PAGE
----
Labour ought to resist 'the people', as heard through the Ukip megaphone. Convictions are popular too, as Thatcher showed The mantra of the moment is "listen to the people" – a call for populist politics dressed up to look like a demand for the genuine democracy which is said to be denied to Britain by an unrepresentative and remote elite. Despite its superficial appeal, government by continuous opinion poll does create one serious dilemma. How are politicians to behave when, having listened, they find themselves in fundamental disagreement with what they have heard? Should I, in 1964, have called for what a clear majority of my constituents, and most of the country, undoubtedly wanted – the repatriation of all Commonwealth immigrants? A couple of months ago, a Tory MP – discussing, on radio, the proposed changes to the planning laws – blandly explained that he had no doubt that they were right and necessary but that he would oppose them because of the strength of opposition in the borough which he represented. It would be easy to dismiss his behaviour as simply the craven hope that obsequiousness is the certain prescription for re-election. And there is no doubt that the "listen to the people" lobby is dominated by politicians of the right who believe that the national mood is, for the moment, in their favour. But the idea is gaining ground among politicians who should know better. The notion that MPs should abandon their own convictions in favour of what they believe to be public opinion is not new. A hundred and fifty years ago Edmund Burke thought it necessary to remind the electors of Bristol that their "representative owes you, not his industry only, but his judgment; and he betrays, instead of serving you, if he sacrifices it to your opinion". But the idea that MPs should be delegates has grown with the development of opinion polls and the decline in ideological politics. Men and women who have no clear view of the sort of society which they want to create find it easy to accept secondhand convictions. The result is bad government. It may well be that the lord chancellor, Chris Grayling – not, even his greatest friends would admit, a towering intellect – really believes that the rehabilitation of offenders serving custodial sentences will be made more swift and certain by creating a more uncongenial prison regime . But most members of the cabinet and the Labour front bench know that view to be nonsense. Prison already creates habitual criminals. Pointless punishment will only create more. Yet nobody denounces what the government now proposes. The great god public opinion has spoken and may not be denied. What sort of politician wants to be a cypher – a human calculating machine who adds up votes and opinions in the country and responds to the perceived wishes, whether or not they seem right and reasonable? The answer can only be men and women who want to be in power for power's sake. It is convictions that make politics worthwhile – an exciting and interesting as well as an honourable profession. I have trooped through the House of Commons division lobbies in support of a bill which I knew to be morally indefensible – the Commonwealth Immigrants Act of 1968 which denied Asians from east Africa entry into Britain. But at least I knew that my motives were entirely cynical. I wanted to remain a minister and improve Labour's chance of re-election. I did not elevate my conduct into a theory of government which justified regular support for measures I knew to be wrong. Unreconstructed Blairites will claim that I am doing no more than asking Labour to choose between power and purity. Quite the opposite is true. There has never been a time when social democracy was more relevant to the nation's needs or when its unflinching advocacy was more likely to command support. The danger for Labour is that we will once again be seen as a party without a clear purpose. Margaret Thatcher proved that the people admire and support politicians with strong convictions – even when they do not share them. Labour needs to listen – but to its own conscience and judgment, not "the people" as heard through the Ukip megaphone. Labour UK Independence party (Ukip) Margaret Thatcher Roy Hattersley Roy Hattersley guardian.co.uk © 2013 Guardian News and Media Limited or its affiliated companies. All rights reserved. | Use of this content is subject to our Terms & Conditions | More Feeds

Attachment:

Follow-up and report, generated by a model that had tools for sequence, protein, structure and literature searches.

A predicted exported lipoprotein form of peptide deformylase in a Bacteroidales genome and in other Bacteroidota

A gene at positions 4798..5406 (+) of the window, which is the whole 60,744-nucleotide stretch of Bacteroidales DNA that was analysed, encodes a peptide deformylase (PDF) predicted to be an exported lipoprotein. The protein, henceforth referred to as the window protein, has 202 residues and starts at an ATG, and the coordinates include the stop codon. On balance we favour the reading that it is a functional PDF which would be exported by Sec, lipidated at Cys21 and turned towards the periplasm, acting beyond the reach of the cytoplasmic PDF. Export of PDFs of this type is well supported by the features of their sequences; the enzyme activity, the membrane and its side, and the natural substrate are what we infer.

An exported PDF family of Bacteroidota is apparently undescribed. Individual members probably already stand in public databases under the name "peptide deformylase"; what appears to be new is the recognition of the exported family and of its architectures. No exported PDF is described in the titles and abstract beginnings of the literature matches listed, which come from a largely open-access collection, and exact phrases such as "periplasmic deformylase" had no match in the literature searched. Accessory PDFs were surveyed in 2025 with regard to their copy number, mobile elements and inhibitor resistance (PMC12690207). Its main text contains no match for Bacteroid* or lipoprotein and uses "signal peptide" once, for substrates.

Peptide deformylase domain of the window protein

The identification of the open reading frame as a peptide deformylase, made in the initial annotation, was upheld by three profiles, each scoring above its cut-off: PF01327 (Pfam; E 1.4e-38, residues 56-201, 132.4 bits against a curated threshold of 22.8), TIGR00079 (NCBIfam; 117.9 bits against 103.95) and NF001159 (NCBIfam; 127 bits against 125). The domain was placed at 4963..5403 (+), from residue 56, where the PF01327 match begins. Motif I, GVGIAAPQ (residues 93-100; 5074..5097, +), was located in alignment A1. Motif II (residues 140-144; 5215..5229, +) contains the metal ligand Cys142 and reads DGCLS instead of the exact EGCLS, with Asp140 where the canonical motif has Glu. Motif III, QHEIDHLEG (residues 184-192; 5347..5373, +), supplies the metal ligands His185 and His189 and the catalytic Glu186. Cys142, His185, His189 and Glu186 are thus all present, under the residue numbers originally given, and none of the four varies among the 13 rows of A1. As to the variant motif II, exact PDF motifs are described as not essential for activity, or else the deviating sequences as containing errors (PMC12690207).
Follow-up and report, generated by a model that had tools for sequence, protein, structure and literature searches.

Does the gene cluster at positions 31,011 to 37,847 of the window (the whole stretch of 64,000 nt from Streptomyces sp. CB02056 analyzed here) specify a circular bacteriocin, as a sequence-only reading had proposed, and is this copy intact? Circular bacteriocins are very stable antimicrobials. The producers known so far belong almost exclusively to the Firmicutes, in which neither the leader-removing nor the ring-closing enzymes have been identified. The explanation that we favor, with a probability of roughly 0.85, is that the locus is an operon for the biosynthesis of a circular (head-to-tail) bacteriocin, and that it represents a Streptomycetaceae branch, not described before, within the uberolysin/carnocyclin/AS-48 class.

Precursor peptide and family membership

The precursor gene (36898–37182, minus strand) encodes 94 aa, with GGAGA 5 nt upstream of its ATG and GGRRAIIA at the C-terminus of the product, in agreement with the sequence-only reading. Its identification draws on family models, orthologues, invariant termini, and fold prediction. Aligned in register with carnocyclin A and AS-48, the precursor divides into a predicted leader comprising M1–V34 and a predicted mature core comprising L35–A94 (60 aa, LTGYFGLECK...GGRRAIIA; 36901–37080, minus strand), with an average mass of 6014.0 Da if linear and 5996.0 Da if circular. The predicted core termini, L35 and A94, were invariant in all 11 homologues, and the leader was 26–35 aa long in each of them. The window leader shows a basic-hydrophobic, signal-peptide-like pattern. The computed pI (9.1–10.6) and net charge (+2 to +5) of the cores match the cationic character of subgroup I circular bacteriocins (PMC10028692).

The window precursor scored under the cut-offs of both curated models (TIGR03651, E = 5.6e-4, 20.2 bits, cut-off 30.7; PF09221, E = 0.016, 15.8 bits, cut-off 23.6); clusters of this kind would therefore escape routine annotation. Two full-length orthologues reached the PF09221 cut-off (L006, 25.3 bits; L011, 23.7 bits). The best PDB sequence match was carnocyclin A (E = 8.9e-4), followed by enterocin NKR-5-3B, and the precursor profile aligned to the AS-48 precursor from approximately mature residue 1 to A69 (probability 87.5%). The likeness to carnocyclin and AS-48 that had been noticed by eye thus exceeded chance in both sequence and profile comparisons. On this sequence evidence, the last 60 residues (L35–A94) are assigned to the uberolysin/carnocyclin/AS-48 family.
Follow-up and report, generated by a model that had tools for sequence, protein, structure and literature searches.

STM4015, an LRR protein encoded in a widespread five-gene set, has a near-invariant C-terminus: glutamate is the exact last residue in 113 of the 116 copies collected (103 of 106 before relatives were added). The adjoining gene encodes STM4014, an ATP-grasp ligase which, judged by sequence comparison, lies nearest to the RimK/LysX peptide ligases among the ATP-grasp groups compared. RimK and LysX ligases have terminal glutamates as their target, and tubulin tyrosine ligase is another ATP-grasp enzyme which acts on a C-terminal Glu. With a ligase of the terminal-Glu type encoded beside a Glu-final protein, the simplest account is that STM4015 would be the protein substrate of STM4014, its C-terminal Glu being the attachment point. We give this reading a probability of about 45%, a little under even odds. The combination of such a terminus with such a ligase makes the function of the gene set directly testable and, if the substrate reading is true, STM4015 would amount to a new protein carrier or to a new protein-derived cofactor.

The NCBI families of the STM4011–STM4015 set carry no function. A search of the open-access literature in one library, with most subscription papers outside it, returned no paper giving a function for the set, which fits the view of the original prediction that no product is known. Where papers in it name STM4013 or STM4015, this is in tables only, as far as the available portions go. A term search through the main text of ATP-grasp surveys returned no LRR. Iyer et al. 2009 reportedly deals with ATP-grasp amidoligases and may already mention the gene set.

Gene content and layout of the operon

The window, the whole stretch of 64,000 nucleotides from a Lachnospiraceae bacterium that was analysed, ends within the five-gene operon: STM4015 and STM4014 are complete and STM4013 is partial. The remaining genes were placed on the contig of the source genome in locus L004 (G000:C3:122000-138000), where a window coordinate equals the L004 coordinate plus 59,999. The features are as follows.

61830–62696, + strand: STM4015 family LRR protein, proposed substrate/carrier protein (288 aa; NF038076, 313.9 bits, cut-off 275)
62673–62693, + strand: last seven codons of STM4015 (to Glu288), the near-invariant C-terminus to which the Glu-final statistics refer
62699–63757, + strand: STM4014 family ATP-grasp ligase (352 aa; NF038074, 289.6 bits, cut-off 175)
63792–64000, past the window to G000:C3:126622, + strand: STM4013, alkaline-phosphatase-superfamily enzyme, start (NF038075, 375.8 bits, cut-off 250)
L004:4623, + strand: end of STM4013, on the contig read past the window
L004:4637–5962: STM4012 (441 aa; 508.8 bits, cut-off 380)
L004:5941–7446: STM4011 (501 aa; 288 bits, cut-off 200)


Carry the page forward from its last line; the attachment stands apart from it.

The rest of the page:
Vice All News Time05 May 2013 20:44:18